In a report in Vaccine NewsDaily, seven states mulling legislation to skip mandatory immunizations, which would allow parents a “philosophical exemption” to mandatory vaccinations. In other words, this legislation would allow parents who listen to the anti-vaccination lunatics to refuse vaccines that prevent harm to their children, but worse yet harm to others who may not be immune to these infections.
[pullquote]measles cases in the nonexempt population increases significantly when exposed to an exemptor group[/pullquote] Continue reading “Seven states mulling legislation to skip mandatory immunizations”
Not that it will matter to the anti-vaccination gang, but there’s more evidence that vaccines have nothing to do with autism. PLoS ONE, an open-access, peer reviewed journal has published A Comparison of Urinary Mercury between Children with Autism Spectrum Disorders and Control Children by a group of UK and US researchers. This article is significant because one of the moving hypotheses of the anti-vaccination lunatics is that all that mercury in vaccines (and no, there is no metallic mercury in vaccines) is causing autism in children. There’s a lot more mercury exposure in all of us by eating too much fish, so this has been dismissed many times. Continue reading “Mercury, autism and the anti-vaccination insanity”
Two individuals infected with measles attended the Super Bowl last week, and as a result, MSNBC is reporting “Indiana measles outbreak illustrates disease risk .” Measles is such an infectious disease, and even with relatively large vaccination rates, the unvaccinated are at a very high risk of getting infected. Continue reading “Indiana measles outbreak illustrates disease risk”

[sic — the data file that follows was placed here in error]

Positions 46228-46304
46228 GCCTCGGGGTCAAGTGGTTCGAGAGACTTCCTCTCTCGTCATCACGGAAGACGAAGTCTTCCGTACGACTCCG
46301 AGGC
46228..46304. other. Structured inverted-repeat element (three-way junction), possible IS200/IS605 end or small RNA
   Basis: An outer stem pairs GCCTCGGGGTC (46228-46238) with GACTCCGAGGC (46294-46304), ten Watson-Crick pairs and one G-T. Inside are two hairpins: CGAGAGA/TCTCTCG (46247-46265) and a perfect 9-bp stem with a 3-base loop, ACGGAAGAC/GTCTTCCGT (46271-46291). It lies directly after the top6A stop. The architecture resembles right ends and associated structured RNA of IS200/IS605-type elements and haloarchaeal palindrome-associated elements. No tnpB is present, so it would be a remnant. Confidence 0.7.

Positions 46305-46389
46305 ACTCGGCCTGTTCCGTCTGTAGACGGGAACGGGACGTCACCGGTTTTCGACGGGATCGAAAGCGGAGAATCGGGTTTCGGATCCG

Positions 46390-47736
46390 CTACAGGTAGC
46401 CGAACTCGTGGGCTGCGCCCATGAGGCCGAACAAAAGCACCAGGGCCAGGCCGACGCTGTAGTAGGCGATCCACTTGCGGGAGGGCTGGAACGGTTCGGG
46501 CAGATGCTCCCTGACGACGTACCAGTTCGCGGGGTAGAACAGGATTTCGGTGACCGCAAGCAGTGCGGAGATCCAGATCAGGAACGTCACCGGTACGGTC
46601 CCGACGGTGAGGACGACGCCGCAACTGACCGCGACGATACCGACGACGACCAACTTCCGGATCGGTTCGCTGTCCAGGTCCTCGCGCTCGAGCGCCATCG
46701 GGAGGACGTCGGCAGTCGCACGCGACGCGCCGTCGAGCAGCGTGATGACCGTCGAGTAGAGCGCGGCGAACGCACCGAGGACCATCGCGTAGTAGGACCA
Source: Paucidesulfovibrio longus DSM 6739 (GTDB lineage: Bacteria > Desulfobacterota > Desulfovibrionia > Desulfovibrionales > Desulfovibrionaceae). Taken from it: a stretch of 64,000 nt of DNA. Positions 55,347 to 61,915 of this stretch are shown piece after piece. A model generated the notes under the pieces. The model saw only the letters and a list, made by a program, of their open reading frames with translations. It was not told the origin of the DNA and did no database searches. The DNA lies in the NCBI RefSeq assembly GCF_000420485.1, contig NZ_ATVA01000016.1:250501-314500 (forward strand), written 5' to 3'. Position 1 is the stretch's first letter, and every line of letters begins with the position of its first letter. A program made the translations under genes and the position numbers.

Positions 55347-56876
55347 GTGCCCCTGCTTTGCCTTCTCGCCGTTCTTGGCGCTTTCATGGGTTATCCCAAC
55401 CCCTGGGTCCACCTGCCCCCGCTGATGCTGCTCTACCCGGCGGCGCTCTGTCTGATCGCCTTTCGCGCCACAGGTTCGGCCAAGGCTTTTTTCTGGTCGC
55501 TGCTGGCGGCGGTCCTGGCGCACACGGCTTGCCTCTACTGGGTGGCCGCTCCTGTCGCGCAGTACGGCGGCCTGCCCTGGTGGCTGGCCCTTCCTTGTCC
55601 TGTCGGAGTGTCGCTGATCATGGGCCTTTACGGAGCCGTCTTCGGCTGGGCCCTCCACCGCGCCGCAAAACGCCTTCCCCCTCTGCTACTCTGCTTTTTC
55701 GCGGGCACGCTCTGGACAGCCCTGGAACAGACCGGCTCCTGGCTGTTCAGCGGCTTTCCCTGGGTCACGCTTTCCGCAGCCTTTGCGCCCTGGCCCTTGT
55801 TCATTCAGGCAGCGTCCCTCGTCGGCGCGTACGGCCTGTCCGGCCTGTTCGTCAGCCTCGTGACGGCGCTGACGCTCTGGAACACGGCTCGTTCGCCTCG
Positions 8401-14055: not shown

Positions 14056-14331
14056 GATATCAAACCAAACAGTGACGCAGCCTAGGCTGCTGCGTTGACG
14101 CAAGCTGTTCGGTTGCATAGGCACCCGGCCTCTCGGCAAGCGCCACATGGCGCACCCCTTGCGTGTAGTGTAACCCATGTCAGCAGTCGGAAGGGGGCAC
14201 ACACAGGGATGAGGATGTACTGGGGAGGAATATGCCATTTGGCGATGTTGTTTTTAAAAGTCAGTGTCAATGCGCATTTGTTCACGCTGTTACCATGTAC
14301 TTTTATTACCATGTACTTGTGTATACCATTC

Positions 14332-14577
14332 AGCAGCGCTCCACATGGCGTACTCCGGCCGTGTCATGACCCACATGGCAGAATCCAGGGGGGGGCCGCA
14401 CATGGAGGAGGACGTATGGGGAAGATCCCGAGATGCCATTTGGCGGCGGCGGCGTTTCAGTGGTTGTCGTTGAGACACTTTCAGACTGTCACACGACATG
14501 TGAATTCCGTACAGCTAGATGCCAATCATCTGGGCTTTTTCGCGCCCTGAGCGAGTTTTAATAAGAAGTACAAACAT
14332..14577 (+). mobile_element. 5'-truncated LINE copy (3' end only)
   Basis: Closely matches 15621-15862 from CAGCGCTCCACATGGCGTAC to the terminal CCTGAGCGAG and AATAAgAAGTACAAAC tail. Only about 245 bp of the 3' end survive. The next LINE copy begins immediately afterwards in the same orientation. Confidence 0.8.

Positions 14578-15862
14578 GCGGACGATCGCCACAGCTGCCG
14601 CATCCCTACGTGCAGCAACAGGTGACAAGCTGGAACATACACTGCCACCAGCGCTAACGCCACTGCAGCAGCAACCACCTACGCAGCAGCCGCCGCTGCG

The Wall Street today published an article, More Doctors ‘Fire’ Vaccine Refusers, by Shirley S. Wang, which discusses how physicians are beginning to refuse to see patients (mostly children) whose parents refuse to have them vaccinated.
❝Pediatricians fed up with parents who refuse to vaccinate their children out of concern it can cause autism or other problems increasingly are “firing” such families from their practices, raising questions about a doctor’s responsibility to these patients.❞ Continue reading “Physicians fire anti-vaccine patients”
(Updated to add more information about the anti-vaccination lunatics weighing in.)
When I write postings here, I never search google for information or sources, I always go to trusted locations for my information. For example, if I read a news article on some interesting subject, I check with the original source, usually at PubMed, for medical articles, and the original abstract (at least) for other science articles. I click on nearly every outlink in postings that I read, to confirm whether the information presented is accurate. A google search is practically useless, especially for medical articles, because the amount of cruft and junk science makes it a challenge to sort. Continue reading “LeRoy neurological illness mystery–junk science–update”
In light of the measles outbreak at the Super Bowl, Purdue University has taken a very aggressive step in requiring that their students provide documentation that they have received their measles vaccinations. Purdue is a state university in Indiana, and as such, is covered by state immunization regulations for public school students. Of course, standard immunization covers measles. If the student doesn’t comply, “a hold will be placed on their academic records and they will not be able to register for classes.” That’s tough! Continue reading “Purdue warns students without measles immunization”